Delay-period activity in frontal, parietal, and occipital cortex tracks different attractor dynamics in visual working memory
Yu Q, Panichello MF, Cai Y, Postle BR, and Buschman TJ
Under Review. Available on bioRxiv.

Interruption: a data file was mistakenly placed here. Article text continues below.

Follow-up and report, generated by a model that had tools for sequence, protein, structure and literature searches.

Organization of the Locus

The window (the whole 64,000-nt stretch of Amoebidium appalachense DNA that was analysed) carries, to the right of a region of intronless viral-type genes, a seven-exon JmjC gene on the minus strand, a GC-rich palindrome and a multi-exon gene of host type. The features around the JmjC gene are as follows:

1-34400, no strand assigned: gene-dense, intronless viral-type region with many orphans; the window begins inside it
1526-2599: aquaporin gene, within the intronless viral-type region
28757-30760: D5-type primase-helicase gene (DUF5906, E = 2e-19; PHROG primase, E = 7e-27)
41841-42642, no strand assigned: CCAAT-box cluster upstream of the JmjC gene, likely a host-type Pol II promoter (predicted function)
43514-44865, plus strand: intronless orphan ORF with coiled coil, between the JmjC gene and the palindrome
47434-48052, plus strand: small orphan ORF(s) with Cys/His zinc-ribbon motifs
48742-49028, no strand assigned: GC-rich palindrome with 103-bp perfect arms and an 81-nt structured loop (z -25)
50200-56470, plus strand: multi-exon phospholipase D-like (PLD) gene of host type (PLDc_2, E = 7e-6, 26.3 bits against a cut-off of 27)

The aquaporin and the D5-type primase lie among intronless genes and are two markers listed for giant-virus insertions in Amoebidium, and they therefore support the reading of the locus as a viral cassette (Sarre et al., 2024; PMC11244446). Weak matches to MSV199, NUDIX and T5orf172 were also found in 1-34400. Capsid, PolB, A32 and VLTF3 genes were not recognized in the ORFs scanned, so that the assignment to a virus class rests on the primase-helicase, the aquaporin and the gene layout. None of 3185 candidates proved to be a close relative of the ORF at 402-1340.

One important neural hallmark of working memory is persistent elevated delay-period activity in frontal and parietal cortex. In human fMRI, delay-period BOLD activity in frontal and parietal cortex increases monotonically with memory load and asymptotes at an individual’s capacity. Previous work has demonstrated that frontal and parietal delay-period activity correlates with the decline in behavioral memory precision observed with increasing memory load. However, because memory precision can be influenced by a variety of factors, it remains unclear what cognitive processes underlie persistent activity in frontal and parietal cortex. Recent psychophysical work has shown that attractor dynamics bias memory representations toward a few stable representations and reduce the effects of internal noise. From this perspective, imprecision in memory results from both drift towards stable attractor states and random diffusion. Here we asked whether delay-period BOLD activity in frontal and parietal cortex might be explained, in part, by these attractor dynamics. We analyzed data from an existing experiment in which subjects performed delayed recall for line orientation, at different loads, during fMRI scanning. We modeled subjects’ behavior using a discrete attractor model, and calculated within-subject correlation between frontal and parietal delay-period activity and estimated sources of memory error (drift and diffusion). We found that although increases in frontal and parietal activity were associated with increases in both diffusion and drift, diffusion explained the most variance in frontal and parietal delay-period activity. In comparison, a subsequent whole-brain regression analysis showed that drift rather than diffusion explained the most variance in delay-period activity in lateral occipital cortex. These results provide a new interpretation for the function of frontal, parietal, and occipital delay-period activity in working memory.